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The Doctor visits Hell... or maybe the USA?
on 23 April 2006
"The twenty-first century has just begun, and Malebolgia is enjoying its status as the newest state in America. After his successful involvement with Scotland's devolution, Brigadier Alastair Gordon Lethbridge-Stewart has been invited over to Malebolgia to offer some of his experiences and expertise.
"There he encounters the charismatic Brigham Elisha Dashwood III, an evangelical statesman running for Governor who may not be quite as clean-cut and wholesome as he makes out. One of Dashwood's other roles in society is as patron of a new medical institute concentrating on curing the ills of the human mind. One of the patients there interests the Brigadier - someone who claims he travels through space and time in something called a TARDIS.
"Charley, however, has more than a few problems of her own. Amnesiac, she is working as a hostess at the local chapter of the Hell Fire Club, populated by local dignitaries who have summoned forth the demon Marchosias. And the leader of the Club? None other than Dashwood, who seems determined to achieve congressional power by the most malevolent means at his disposal..."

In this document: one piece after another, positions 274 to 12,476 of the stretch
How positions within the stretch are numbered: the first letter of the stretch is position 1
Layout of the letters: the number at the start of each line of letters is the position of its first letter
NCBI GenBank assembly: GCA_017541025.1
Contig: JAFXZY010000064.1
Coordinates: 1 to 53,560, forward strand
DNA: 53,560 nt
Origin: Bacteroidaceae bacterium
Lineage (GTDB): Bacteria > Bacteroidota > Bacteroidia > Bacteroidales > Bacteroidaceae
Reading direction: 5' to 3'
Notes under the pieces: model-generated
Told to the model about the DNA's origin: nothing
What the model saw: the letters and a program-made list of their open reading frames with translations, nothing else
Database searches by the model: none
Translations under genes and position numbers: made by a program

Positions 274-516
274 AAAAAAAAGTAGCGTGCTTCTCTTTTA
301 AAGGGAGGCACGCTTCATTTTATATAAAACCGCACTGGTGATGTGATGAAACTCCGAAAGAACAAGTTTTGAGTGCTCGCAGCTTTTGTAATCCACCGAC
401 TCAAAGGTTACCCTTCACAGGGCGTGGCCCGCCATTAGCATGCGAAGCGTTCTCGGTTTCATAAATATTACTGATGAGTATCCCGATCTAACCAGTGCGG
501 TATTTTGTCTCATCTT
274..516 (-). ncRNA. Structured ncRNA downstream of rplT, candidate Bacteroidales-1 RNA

Alan W Lear and Gary Russell's Minuet in Hell is a long one. Although only four episodes in length, each episode clocks in at over 30 minutes and the first episode is nearly 45. It'll drag, or be poorly edited, you might think - but not so. Rather, Minuet in Hell has a tight script with some excellent lines, and universally enthusiastic and excellent performances from all involved, particularly McGann and a welcome return for Nicholas Courtney as Brigadier Lethbridge-Stewart.
The largely British supporting cast are called upon to perform their roles in American accents and, while some pull it off well, others sound a little too much like clichéd deep south rednecks, particularly Morgan Deare as Senator Waldo Pickering. The casting of Robert Jezek as Dashwood is also a little confusing, as it's hard to get the picture of a giant talking penguin out of your head when listening to his lines. None the less, he plays his part well.
The plot is enjoyable, kicking straight off with the amnesiac Doctor and equally incapacitated Charley waking up respectively in a loony bin and Dashwood's Hellfire Club, with no explanation as to how the two travellers got there. This mystery is gradually unravelled as the Doctor begins to find his feet and regain his identity, hindered somewhat by the British reporter Gideon Crane, who insists that it is he who is the Doctor. Charley, meanwhile, gets into a variety of scrapes of her own as she tries to locate her friend, and both have plenty to do.
An enjoyable play with high production values that ends the first "season" of Big Finish Eighth Doctor adventures with a bang!